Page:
I was reading through the health section of BBC and ran across a study done on Coeliac disease. I had not heard the name of this disease and googled it. Wikipedia, my friend, told me that in North America, it is called celiac. Well, why I am not surprised. This is not the first time we have seen different spelling of same words between Brits and American English.
On a serious note, celiac disease is not fun at all. One of my family members has celiac disease and being a vegetarian, it is very hard for her to find gluten free food, as this disease has an allergic reaction to gluten. Market is offering much more choices of gluten free food now than before as I wrote in my previous post “My experience of gluten free food at Expo East.” The BBC article revealed that scientists are able to find three key substances in gluten that triggers the allergic reaction.
Are you wondering how can this information be useful? The researchers believe that this discovery can lead to development of new treatments and even vaccine for celiac disease. The research was conducted by British and Australian scientist, which studied 200 patients with celiac disease attending clinics in Oxford and Melbourne. The study wad published in the journal, Science Translational Medicine.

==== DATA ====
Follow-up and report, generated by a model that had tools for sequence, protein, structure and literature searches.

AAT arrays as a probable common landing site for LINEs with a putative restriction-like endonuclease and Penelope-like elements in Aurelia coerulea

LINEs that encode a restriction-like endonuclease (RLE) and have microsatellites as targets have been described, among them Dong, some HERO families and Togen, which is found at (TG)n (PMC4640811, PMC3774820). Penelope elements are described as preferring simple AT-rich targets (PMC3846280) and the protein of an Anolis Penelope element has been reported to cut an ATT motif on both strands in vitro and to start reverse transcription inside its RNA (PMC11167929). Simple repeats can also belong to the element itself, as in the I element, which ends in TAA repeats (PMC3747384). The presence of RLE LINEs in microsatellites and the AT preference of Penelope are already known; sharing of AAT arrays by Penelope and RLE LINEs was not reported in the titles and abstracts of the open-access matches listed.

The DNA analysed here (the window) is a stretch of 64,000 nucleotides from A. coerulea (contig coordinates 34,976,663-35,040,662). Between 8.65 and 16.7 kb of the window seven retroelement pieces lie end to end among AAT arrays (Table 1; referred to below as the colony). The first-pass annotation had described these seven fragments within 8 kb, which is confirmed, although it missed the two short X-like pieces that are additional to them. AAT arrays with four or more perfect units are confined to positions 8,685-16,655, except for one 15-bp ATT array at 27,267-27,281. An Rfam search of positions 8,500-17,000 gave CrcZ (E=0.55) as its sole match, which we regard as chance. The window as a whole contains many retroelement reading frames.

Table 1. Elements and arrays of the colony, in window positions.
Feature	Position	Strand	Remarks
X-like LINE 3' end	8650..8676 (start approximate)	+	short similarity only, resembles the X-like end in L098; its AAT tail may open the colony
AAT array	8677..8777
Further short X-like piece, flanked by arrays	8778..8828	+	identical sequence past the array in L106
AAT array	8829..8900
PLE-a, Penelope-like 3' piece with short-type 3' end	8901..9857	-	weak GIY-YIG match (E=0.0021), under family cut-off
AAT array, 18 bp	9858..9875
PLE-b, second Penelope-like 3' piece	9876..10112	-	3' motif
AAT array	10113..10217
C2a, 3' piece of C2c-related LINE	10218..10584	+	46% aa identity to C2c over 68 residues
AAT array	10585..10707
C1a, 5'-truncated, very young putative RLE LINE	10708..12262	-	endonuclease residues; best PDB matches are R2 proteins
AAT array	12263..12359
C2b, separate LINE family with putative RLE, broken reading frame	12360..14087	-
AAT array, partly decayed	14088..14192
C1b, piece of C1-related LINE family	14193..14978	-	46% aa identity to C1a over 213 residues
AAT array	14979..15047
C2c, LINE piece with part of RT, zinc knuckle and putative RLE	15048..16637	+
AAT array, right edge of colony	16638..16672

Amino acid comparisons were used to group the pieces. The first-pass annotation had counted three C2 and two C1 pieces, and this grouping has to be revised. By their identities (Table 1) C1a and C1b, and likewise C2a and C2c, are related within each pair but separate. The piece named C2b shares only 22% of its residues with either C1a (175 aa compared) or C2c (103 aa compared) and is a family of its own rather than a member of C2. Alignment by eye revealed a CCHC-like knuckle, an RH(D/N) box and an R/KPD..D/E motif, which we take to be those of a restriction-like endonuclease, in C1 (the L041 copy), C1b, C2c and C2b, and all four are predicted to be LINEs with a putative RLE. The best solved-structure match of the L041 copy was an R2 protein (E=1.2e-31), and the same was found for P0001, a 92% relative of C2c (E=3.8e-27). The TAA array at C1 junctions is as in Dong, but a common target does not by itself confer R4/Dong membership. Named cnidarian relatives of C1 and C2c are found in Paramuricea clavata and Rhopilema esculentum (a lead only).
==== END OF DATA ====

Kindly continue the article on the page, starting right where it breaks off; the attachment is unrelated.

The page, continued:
The study included:
- Patients were asked to eat bread, rye muffins or boiled...
- Six days later they had taken blood samples to measure their immune response to thousands of different gluten fragments or peptides
- The tests identified 90 peptides that caused some level of immune reaction, but three were found to be particularly toxic.
Professor Bob Anderson, head of the Walter and Eliza Hall Institute of Medical Research in Melbourne, Australia, seemed thrilled by the discovery and quoted that “These three components account for the majority of the immune response to gluten that is observed in people with coeliac disease.”
With the growing awareness and more food choices, celiac patients can very well survive by eating gluten free food, however they find trouble during travelling due to restrict diet. I think this is a big step and hope that medical community around the world is able to further advance this discovery into a product to treat celiac disease.